Starting out in a new venture, everyone is excited and anxious to do more than his or her part in advancing the mission of a new company. How soon the excitement of a new commercial venture wears off and business becomes routine! Add to that the influx of new people necessitating new and larger, and/or separated, workspaces, and we have the recipe for quickly dulling the camaraderie and enthusiasm that accompanied the early days of the enterprise, when everyone worked close together and in constant communication. In those early days, everyone knew by osmosis pretty much what was happening and how it affected the company, and them personally.
Maintaining Enthusiasm in an Expanding Workforce
Mark Roberge, a lecturer at Harvard Business School and author of The Sales Acceleration Formula, has some suggestions, reported here by Kate Rockwood, for preserving this sense of excitement, camaraderie, and individual value among the growing numbers of associates in an expanding enterprise. Among the factors Roberge cites are communication of what's happening, and regular recognition of mission-supportive behavior. These efforts go a long way toward giving the people in an organization a sense of being part of something larger than themselves - something IMPORTANT! The other factors mentioned in Rockwood's article, careful hiring and meticulous definition of individual roles and objectives, are tremendously valuable as well.
In my experience related here, communication and recognition were the dominant tools we used.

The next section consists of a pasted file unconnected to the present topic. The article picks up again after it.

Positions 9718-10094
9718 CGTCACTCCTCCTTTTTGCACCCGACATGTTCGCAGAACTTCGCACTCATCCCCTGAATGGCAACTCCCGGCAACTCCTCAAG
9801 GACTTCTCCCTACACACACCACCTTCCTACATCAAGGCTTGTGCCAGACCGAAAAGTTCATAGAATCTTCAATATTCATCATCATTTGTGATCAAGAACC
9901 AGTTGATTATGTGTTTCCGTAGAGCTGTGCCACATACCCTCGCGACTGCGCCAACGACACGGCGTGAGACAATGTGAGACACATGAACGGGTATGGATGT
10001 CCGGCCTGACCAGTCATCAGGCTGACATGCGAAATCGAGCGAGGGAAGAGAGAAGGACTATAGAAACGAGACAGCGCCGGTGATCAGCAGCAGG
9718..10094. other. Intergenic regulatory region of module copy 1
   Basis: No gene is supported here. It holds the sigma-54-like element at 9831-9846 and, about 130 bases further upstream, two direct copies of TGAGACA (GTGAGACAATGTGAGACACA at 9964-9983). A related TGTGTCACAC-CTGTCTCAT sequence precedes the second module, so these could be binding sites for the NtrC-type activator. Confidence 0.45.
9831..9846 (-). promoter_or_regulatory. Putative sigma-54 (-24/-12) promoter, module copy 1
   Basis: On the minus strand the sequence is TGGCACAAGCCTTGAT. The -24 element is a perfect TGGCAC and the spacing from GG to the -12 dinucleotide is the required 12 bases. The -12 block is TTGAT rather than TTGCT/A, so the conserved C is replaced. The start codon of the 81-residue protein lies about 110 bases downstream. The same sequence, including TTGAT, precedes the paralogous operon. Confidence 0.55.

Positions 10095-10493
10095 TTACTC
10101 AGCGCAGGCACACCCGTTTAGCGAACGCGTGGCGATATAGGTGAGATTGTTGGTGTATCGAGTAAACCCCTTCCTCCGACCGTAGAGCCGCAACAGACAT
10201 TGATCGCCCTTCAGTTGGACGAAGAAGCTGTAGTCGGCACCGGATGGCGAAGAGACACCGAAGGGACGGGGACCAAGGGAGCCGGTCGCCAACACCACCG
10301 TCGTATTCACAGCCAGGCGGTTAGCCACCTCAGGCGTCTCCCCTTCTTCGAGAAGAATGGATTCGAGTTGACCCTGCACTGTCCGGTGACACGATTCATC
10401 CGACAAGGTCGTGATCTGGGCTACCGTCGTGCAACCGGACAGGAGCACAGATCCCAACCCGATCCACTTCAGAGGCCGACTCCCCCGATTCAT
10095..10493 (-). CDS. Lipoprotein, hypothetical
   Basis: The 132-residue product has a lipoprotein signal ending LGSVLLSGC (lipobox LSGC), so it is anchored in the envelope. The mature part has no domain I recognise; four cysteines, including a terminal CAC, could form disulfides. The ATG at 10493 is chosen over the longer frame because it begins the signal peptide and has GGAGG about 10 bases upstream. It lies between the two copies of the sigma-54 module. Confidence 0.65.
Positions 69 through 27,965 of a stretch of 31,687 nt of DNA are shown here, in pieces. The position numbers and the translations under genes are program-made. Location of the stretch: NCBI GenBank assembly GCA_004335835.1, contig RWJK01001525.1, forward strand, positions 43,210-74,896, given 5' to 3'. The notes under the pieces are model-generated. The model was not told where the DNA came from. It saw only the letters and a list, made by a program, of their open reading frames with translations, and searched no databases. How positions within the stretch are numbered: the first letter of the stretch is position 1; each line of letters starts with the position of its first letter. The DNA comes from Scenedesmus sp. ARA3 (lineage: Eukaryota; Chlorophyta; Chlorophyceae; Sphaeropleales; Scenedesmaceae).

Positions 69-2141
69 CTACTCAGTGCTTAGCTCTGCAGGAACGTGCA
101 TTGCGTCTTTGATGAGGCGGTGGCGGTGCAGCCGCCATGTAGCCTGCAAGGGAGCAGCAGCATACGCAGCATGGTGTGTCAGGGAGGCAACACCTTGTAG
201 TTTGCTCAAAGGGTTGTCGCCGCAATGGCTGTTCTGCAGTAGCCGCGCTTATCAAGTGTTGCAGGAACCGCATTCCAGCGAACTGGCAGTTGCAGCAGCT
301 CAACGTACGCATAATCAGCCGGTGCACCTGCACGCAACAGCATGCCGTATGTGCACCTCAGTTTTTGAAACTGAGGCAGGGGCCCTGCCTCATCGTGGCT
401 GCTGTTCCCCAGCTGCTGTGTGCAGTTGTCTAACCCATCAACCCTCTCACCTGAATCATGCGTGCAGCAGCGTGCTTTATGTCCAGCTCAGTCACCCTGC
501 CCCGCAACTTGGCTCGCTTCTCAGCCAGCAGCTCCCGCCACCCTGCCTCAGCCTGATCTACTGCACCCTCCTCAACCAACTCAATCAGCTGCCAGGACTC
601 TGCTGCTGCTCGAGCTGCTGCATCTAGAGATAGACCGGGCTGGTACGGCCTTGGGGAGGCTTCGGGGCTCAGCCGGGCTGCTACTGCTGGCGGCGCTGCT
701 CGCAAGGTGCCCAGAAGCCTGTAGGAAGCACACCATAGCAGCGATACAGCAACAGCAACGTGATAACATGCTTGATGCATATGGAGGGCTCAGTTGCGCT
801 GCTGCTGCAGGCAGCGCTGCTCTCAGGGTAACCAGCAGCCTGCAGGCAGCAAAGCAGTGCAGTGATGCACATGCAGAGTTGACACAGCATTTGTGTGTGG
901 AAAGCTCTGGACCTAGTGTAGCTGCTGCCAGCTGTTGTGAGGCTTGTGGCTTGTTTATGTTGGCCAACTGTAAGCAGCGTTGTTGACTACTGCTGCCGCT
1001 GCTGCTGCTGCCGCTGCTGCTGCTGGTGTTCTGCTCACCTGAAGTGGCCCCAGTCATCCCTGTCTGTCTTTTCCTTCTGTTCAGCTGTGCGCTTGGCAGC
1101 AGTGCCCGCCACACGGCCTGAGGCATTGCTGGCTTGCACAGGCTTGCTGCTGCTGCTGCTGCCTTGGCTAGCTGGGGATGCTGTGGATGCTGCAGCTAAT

Some Results from my Own Experience
Some years ago, I was asked to take on the leadership, as Chief Pilot, of a group of pilots who were seriously demoralized. They felt they had no voice and were mere cogs in the wheel of a machine, and their unenthusiastic performance reflected that. My boss and I began a program of personally visiting them (logistically challenging, since they were widely scattered geographically, and flew widely varying schedules), listening to their concerns, updating their information on the company's progress, and following up with individual positive comments whenever we could find an excuse. Within a few months they began to understand that each of them was important to the performance of the company. With that mindset, they began to take their performance much more seriously - productivity, safety, and on-time delivery improved markedly, as did camaraderie and morale.
A union-organizing effort simply disappeared. Who needs a union when you, as an individual, have direct access to your leaders?
Another factor in helping these people feel more "loved" was my rigor in timely returning phone calls, emails, etc. When someone leaves a message, it's hard to overemphasize the importance of recognizing it, or the folly in ignoring it. This is hugely important in helping people recognize that they matter as individuals!
If you're the leader of a group of employees, especially a rapidly-expanding group, I suggest you follow the advice outlined in Kate's article, and make sure everyone is included, and feels importantly included, in the work of the team.